The parts of the dust jacket that wrap around the covers of the book and hold it in place are called flaps and they will usually have a brief description of the book, its price and often biographical details of the author. With paperbacks there is usually no dust jacket but the cover will be full colour.
The front cover will have the title, author and possibly the publishers name or their colophon*, while the back cover will have the ISBN and the bar code, and may have what is referred to as publisher’s blurb. This can include quotes from the work, from reviewers or fans, a summary of the plot, a biography of the author. If there is a dust jacket this information will be on there. * See part two for more on colophons.
None of this is set in stone and publishers and book designers may choose to ignore conventions and to do something completely different.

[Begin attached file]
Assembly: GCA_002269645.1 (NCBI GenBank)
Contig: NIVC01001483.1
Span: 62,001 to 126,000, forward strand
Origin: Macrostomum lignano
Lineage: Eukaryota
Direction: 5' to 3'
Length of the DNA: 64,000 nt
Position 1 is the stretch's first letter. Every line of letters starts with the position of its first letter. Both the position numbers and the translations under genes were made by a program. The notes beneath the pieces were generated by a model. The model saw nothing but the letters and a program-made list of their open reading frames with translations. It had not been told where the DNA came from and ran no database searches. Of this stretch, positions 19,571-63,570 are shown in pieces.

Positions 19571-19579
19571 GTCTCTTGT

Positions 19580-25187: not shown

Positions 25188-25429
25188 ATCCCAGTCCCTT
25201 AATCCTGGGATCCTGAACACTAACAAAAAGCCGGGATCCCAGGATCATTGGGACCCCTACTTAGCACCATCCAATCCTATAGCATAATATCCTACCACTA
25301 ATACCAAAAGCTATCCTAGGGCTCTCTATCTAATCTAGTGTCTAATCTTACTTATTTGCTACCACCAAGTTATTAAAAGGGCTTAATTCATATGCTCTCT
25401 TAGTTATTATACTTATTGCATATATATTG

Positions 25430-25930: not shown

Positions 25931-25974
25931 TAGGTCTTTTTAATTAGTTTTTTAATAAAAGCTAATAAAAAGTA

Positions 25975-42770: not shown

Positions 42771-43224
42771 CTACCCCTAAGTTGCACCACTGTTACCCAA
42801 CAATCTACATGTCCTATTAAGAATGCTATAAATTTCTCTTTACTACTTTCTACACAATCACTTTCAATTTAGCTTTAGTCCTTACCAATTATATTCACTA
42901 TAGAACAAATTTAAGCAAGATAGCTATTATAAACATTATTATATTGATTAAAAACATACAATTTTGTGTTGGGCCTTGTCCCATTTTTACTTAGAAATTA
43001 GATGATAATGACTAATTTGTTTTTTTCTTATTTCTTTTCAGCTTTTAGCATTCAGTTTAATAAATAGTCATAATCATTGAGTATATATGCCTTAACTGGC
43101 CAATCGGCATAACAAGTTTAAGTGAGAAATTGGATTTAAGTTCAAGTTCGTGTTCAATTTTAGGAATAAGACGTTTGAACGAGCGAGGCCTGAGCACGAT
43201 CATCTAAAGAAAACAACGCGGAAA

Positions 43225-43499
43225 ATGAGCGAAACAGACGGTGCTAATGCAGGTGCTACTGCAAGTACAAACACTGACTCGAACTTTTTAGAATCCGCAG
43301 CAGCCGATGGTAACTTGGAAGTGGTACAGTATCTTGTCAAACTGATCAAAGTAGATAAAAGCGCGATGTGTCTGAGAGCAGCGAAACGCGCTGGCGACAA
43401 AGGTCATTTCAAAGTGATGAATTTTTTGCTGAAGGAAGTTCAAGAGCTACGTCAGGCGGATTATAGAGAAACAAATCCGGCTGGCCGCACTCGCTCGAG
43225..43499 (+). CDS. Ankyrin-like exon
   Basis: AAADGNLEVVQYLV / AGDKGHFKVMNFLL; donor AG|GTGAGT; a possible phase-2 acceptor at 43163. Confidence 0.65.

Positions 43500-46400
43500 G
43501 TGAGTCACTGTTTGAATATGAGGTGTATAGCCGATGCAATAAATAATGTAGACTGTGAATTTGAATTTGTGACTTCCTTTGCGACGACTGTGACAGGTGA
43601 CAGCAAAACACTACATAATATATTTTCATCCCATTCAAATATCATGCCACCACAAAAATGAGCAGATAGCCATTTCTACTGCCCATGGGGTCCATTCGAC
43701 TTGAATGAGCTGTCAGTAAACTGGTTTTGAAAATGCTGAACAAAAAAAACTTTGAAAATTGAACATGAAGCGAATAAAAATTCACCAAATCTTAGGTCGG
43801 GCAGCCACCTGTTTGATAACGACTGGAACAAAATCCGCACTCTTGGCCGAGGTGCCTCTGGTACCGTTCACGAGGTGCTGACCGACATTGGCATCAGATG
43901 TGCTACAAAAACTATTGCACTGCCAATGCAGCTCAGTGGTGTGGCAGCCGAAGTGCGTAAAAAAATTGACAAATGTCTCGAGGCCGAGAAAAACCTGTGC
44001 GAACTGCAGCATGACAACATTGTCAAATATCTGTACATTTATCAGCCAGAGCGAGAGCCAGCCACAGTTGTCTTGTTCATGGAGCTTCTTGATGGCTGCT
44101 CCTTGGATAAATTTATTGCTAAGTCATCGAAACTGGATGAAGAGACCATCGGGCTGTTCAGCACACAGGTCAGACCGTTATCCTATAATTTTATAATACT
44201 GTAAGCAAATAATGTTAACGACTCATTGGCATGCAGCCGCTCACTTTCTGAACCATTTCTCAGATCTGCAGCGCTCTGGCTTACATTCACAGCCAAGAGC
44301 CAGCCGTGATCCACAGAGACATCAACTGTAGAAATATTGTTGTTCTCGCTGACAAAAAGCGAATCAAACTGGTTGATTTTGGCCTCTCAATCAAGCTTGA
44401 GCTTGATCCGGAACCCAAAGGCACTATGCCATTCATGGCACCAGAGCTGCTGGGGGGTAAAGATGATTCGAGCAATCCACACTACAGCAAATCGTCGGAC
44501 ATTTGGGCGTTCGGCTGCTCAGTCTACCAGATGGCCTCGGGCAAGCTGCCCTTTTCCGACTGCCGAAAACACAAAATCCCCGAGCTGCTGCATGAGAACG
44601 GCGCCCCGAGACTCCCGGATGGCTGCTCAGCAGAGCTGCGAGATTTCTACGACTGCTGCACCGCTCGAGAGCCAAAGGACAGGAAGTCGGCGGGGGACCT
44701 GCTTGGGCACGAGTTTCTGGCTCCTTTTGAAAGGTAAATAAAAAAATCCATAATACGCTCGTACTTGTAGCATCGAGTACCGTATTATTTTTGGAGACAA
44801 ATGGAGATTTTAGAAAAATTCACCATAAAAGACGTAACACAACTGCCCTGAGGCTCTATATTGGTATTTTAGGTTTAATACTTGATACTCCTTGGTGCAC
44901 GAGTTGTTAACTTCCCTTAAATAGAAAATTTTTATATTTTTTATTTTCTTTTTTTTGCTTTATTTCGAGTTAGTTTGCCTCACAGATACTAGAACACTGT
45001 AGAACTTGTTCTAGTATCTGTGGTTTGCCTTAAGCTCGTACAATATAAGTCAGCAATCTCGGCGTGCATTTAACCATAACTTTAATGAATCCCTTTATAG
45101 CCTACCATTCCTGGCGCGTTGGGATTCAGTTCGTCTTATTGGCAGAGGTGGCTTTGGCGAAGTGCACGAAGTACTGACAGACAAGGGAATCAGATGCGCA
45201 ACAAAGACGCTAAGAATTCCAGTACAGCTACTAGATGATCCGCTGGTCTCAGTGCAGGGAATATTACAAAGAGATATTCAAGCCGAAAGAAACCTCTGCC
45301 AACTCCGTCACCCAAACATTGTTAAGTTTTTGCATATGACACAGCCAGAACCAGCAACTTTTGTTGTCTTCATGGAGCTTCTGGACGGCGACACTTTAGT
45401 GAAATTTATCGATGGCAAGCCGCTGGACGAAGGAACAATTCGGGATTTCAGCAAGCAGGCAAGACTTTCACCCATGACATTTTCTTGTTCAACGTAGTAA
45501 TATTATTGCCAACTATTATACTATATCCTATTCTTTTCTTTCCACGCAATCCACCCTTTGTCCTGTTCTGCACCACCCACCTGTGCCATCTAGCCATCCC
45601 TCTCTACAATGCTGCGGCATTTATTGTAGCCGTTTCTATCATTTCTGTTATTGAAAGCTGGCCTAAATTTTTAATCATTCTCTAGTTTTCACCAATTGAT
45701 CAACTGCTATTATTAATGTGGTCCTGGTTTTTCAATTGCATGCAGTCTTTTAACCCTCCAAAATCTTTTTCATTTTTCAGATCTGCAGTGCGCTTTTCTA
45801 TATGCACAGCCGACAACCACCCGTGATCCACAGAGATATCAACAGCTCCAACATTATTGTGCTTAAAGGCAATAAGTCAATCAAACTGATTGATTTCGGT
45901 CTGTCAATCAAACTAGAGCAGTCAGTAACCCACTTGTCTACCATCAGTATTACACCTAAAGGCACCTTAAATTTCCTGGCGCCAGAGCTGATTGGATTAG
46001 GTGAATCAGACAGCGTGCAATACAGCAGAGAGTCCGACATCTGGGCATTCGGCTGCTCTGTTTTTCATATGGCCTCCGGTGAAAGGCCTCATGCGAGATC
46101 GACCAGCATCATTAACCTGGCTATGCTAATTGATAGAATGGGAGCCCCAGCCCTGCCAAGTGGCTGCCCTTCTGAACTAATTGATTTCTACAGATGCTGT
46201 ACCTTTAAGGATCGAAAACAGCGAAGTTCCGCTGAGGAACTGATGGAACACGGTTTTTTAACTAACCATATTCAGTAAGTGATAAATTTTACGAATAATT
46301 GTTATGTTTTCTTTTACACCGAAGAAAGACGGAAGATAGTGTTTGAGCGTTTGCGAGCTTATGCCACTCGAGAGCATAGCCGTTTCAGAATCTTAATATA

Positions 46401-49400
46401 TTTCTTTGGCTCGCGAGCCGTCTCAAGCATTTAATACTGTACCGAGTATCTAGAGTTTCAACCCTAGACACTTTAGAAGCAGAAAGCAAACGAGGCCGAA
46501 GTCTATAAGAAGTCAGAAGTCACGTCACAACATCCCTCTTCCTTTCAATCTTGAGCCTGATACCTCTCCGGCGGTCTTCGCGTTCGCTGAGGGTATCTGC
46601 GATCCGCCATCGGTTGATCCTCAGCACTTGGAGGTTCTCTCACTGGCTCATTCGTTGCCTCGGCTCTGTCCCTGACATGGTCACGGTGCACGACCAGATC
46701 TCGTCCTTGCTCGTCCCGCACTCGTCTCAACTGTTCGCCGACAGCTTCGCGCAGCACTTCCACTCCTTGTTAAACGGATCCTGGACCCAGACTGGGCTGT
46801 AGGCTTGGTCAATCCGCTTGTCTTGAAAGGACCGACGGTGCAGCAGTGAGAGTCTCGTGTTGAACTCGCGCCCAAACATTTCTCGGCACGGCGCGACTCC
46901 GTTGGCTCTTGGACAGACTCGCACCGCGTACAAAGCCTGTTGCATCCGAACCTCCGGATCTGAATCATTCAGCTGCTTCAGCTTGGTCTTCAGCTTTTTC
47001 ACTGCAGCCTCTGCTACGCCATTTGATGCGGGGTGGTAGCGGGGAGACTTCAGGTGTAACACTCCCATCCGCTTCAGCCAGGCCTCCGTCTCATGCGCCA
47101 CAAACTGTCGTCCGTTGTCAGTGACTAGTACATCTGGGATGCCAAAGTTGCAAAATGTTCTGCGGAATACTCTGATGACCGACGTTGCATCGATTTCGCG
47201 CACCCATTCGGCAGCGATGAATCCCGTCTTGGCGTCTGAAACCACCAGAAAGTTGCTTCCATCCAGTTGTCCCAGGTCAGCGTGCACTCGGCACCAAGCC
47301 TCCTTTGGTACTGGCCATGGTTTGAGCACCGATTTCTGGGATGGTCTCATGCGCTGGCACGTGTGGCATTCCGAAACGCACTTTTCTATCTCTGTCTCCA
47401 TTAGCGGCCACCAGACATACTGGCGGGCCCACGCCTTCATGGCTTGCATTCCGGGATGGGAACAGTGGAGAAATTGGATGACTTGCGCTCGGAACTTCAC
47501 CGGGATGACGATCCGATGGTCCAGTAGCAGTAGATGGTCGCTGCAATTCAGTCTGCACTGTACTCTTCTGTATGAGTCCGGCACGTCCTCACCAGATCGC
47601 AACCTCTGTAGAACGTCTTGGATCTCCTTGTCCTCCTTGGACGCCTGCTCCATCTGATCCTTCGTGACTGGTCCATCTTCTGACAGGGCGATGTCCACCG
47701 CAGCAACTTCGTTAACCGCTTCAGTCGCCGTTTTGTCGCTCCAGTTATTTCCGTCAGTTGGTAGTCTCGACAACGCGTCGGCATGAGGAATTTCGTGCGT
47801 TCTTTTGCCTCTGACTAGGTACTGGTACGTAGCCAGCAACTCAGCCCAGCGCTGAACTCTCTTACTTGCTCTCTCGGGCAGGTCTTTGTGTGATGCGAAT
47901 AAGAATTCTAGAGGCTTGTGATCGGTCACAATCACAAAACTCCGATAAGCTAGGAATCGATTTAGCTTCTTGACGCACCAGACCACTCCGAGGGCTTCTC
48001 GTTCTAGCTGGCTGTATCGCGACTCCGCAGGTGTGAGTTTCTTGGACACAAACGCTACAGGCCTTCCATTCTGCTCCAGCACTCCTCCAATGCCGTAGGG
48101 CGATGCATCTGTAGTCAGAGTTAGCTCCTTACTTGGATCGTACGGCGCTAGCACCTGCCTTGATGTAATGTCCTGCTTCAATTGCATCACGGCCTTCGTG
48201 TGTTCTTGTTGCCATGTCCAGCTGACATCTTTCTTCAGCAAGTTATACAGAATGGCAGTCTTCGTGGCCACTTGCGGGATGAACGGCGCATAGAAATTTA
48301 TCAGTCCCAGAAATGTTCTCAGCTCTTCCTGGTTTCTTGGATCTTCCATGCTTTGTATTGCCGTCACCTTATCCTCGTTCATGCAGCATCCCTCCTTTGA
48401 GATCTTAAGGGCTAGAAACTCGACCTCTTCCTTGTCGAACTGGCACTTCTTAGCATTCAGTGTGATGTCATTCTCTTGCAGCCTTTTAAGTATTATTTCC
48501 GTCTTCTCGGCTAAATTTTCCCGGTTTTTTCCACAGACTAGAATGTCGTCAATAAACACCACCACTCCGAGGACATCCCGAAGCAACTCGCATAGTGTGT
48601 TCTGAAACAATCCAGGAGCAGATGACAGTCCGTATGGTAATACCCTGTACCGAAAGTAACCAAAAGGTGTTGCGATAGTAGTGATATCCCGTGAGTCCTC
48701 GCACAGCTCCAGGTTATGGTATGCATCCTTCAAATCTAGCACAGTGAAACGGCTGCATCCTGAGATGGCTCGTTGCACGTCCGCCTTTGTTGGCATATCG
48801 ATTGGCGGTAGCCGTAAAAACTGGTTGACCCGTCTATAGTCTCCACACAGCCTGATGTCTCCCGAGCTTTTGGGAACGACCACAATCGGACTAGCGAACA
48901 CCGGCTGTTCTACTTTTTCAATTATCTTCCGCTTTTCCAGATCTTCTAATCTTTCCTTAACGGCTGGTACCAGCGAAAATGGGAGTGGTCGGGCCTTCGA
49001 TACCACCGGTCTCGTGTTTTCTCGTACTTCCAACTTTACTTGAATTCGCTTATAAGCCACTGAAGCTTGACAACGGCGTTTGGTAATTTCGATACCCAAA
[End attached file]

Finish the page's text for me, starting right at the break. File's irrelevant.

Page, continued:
Different countries have different conventions and traditional French publishers seldom publish books with colourful covers but covers are generally white or cream with red or black lettering.
Sets of books, or individual titles, may be sold in slipcases. This is a five –sided box which protects the books and is often used for special gift sets, or particularly expensive titles. The slipcase may have the cover reproduced on it or it may have a separate design.
The Dewey Decimal Classification system is a widely used library classification system. All knowledge is divided into ten main classes and the ten main classes are then further subdivided. Each main class has ten divisions, and each division has ten sections. Library books are shelved in Dewey order and the number will be attached to the bottom of the spine.